In the space of 24 hours this weekend, the past and future of Hong Kong racing will be on display on opposite sides of the continent, sitting in stark contrast and presenting a need for significant change.
Macau sits in the past, Dubai represents the way forward, and the Hong Kong Jockey Club has a timely opportunity to make a paradigm shift – albeit one that sits at odds with their current direction.
The local feature on Sunday is the Group Three Hong Kong Macau Trophy, the first leg of the two-race interport series featuring horses from both sides of the Pearl River Delta.
Each year, the Hong Kong Macau Trophy begins to look more and more outdated, to the point it seems a sad relic on the racing calendar, a nod to the shared history of the two ports but with an ever-widening chasm in depth between the two jurisdictions.
Whether it is the improved quality of Hong Kong’s horse population or an indictment on Macanese racing – we suspect a little of both – there is simply no reason to continue with the interport series, especially with Hong Kong throwing open the doors to all open-age Group races (bar the interport contest).
This year’s race may have drawn a full field of 14 but looks a nine-runner Group Three handicap, although a competitive one, for the recent statistics are damning for Macau’s contingent.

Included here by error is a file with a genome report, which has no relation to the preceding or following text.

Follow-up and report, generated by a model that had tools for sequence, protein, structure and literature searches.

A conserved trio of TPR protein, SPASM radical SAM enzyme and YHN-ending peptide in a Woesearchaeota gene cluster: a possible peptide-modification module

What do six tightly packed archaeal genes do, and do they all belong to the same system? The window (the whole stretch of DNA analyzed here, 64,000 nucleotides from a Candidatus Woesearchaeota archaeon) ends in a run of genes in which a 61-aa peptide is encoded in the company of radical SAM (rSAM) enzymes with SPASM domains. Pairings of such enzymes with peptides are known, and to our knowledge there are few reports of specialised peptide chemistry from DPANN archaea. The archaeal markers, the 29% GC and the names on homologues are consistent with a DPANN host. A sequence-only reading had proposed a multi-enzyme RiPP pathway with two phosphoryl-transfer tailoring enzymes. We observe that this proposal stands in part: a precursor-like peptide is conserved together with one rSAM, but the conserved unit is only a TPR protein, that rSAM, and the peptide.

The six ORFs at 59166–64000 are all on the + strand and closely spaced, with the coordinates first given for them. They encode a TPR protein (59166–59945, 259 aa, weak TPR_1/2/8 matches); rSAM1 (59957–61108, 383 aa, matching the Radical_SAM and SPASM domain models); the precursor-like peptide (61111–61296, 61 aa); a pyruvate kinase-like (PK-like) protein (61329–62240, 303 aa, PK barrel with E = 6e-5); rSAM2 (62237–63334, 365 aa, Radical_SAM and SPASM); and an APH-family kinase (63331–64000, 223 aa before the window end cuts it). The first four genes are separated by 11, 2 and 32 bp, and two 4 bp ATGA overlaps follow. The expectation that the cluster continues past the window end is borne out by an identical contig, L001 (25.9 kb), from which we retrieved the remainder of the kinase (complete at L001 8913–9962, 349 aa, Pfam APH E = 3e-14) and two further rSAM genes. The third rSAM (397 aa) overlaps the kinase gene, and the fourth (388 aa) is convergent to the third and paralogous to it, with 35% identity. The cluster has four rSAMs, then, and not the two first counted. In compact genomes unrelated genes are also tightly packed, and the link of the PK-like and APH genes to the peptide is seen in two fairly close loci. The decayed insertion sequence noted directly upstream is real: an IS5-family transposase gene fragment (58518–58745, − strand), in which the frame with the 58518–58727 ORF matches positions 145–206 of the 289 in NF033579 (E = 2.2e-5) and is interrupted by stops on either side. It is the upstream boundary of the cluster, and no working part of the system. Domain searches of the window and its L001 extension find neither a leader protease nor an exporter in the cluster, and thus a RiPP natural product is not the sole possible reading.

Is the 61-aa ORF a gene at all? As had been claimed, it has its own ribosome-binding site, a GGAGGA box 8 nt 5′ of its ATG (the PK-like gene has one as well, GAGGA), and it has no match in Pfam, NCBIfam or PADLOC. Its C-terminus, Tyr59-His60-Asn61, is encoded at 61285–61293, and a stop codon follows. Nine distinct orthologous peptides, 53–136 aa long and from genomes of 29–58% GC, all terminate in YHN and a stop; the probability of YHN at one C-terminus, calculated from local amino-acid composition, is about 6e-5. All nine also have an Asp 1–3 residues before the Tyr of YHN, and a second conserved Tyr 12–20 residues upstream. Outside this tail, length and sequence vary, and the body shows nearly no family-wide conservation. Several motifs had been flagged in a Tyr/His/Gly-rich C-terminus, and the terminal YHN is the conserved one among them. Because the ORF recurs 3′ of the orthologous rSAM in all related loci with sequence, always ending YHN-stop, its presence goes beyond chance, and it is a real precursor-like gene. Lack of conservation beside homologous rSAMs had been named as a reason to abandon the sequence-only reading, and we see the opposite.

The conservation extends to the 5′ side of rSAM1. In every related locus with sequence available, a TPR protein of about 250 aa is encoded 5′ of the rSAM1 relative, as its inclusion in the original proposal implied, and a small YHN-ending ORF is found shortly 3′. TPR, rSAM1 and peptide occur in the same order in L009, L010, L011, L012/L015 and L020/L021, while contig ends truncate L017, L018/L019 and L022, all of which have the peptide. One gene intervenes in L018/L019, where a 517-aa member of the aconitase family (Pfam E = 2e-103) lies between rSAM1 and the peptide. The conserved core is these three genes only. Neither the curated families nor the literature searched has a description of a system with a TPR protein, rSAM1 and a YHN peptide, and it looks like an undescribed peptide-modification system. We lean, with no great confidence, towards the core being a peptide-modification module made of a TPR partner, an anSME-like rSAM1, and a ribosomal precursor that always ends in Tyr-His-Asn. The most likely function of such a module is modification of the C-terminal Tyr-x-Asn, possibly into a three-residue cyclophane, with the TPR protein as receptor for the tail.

Each of the last three years, the Macau raiders were completely outclassed. All had at least five raiders (2014 had six), each year the best any visitor could manage was eighth, with Macau filling positions 12, 13 and 14.
The most newsworthy of the visitors this year is last season’s Macau Derby winner The Alfonso, who made headlines in June when he was injured in a freak accident at the Macau Jockey Club complex only weeks after it was revealed Hong Kong champion Viva Pataca was living in substandard conditions in the same stables.
Oh, and the fact Hong Kong has a Macanese rival in the Silly Horse Name Stakes, with Allan Tam Man-chau’s Bobo So Cute joining the likes of What Man Horse, Everyday Lettuce and Big Bang Bong in what is a more competitive affair than the Group Three itself.
Sure, there could come a time when Macau has a horse worthy of being able to take on Hong Kong’s best on the racetrack and not just in monikers, but with the majority of Group races now open to international competition, let them target those events. The need for the series is simply no longer there, and so it wouldn’t surprise if this weekend’s Hong Kong Macau Trophy is the last interport race held at Sha Tin.
Mere hours earlier, Hong Kong racing takes a further step down a path it has avoided for so long when two Hongkongers run at Meydan’s Super Saturday, the trials night for the Dubai World Cup meeting on March 26.
It is another foray into top-level dirt racing on the world stage, led by Michael Chang Chun-wai’s Rich Tapestry – a hot favourite to win his second Mahab Al Shimaal after his Al Shindagha romp. There is a changing of the guard of sorts, though, with Caspar Fownes-trained Gun Pit the new potential flagbearer as he aims to book his Dubai World Cup ticket in the Al Maktoum Challenge Round Three. On Saturday, he takes on star American galloper Keen Ice – the only horse to beat Triple Crown winner American Pharoah in his three-year-old season – and last year’s runaway UAE Derby winner Mubtaahij, with Kentucky Derby winner California Chrome and consistent Frosted awaiting in the World Cup itself.